IBM and Fuji announced that the companies' researchers have developed a prototype storage system which features 15 times greater storage capacity than most fashionable types of magnetic tape available on the market, as it is, in fact, a dual-layer magnetic tape that can hold 6.67 billion bits of data per square inch, informs Zdnet.
This is also another record for IBM, as the company's scientists have developed a tape capable of a density of 1 billion bits per square inch in 2002.
The tape, created by Fuji, consists of a thin layer of barium ferrite crystals dispersed uniformly. And, as the barium ferrite does not corrode or change chemically in time, it makes a good option for long-term storage.
The tape is a result of many years of studies, as Fuji's researchers are using barium ferrite crystals in order to develop enhanced storage tapes for a long time, but the latest media is the best they came up with until now.
Furthermore, researchers from IBM's Zurich Research Laboratory have developed a new coding method that improves the accuracy of reading magnetic bits, augmenting the read-write head and the methods for positioning the head to reduce the size of the data tracks by about 90 percent.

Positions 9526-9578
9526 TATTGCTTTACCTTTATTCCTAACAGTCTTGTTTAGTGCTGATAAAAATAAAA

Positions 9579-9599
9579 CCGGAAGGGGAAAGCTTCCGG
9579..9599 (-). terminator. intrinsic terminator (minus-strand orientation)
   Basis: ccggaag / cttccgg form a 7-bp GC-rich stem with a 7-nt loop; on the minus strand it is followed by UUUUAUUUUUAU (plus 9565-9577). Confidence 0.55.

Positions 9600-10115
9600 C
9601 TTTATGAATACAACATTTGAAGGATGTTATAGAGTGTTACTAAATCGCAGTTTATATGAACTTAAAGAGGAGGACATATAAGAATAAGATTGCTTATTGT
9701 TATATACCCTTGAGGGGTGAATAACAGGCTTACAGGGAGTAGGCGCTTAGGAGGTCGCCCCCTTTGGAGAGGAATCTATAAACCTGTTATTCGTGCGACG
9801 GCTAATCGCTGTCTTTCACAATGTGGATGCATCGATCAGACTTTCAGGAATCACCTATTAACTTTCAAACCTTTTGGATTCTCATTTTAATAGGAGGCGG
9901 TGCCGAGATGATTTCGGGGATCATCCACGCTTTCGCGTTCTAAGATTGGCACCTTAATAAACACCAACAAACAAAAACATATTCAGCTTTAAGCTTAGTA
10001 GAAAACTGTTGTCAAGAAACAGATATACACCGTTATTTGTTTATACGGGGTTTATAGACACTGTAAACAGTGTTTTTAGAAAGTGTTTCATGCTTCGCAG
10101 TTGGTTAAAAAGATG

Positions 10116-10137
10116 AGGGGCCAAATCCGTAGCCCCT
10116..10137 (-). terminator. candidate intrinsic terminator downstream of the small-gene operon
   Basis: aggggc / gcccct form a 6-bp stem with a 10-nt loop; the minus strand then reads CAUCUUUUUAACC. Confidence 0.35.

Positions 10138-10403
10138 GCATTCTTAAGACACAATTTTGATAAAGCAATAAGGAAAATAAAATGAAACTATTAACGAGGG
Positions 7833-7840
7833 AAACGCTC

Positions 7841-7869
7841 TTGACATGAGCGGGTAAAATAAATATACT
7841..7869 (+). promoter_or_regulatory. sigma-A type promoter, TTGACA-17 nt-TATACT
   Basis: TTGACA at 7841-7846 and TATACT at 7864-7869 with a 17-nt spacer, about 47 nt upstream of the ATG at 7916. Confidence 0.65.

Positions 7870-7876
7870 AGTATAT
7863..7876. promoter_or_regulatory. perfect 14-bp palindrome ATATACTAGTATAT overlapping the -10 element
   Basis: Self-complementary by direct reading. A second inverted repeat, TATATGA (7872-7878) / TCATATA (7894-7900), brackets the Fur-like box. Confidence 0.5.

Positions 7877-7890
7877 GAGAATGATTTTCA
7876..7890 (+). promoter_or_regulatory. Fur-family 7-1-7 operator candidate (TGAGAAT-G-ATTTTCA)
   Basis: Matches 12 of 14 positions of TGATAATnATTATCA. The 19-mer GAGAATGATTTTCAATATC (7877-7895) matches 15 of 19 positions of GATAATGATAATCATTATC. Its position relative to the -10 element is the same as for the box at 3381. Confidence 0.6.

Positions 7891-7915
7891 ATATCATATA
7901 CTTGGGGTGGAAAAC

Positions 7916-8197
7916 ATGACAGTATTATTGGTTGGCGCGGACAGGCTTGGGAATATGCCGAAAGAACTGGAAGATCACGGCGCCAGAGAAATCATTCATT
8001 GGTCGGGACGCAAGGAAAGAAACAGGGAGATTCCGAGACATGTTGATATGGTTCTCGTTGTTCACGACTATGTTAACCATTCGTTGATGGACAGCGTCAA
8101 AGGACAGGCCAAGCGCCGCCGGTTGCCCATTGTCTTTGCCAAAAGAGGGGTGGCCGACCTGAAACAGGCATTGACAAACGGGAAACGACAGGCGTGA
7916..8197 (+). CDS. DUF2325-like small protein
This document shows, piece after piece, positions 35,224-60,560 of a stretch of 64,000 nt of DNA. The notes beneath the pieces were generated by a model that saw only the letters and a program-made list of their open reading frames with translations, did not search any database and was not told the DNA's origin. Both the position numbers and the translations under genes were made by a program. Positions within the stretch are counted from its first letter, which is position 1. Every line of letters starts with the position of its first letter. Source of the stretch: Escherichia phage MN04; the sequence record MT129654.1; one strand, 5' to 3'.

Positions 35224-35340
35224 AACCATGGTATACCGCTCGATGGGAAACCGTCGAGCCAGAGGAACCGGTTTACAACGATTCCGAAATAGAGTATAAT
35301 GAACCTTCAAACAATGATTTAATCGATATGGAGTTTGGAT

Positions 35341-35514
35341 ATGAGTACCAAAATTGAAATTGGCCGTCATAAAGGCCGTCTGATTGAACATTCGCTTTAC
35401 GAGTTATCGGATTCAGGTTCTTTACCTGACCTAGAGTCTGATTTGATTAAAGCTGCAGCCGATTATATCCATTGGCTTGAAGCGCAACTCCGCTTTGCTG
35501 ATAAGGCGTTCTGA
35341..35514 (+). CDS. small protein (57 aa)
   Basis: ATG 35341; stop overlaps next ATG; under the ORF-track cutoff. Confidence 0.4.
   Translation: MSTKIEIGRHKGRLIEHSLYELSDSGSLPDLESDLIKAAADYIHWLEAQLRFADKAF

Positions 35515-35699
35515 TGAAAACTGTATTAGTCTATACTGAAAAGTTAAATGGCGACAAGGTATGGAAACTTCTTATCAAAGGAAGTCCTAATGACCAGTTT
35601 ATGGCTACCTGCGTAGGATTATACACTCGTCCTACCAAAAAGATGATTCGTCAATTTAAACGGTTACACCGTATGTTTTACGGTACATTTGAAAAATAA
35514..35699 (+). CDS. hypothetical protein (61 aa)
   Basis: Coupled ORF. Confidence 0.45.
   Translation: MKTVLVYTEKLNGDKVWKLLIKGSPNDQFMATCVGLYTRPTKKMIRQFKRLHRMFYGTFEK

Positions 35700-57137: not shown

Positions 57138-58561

"With tape automation revenue growth expected to be up to 8 percent through 2011, our customers are storing increasing amounts of data to manage their enterprises and to address the compliance requirements of laws such as the Sarbanes-Oxley Act of 2002 and the Health Insurance Portability and Accountability Act of 1996," Cindy Grossman, vice president, IBM Tape Storage Systems, said in a statement.
The fact that the tape will be available on the retail market at half the price of other such recordable media, guarantees the success of this IBM-Fuji development. In addition, consumers will be able to purchase storage systems equipped with this new type of technology in about five years, according to IBM.
Photo Credits- IBM
An IBM-Fuji Tape Storing 6.67 billion Bits of Data per Square Inch
Another record for IBM
... so hot right now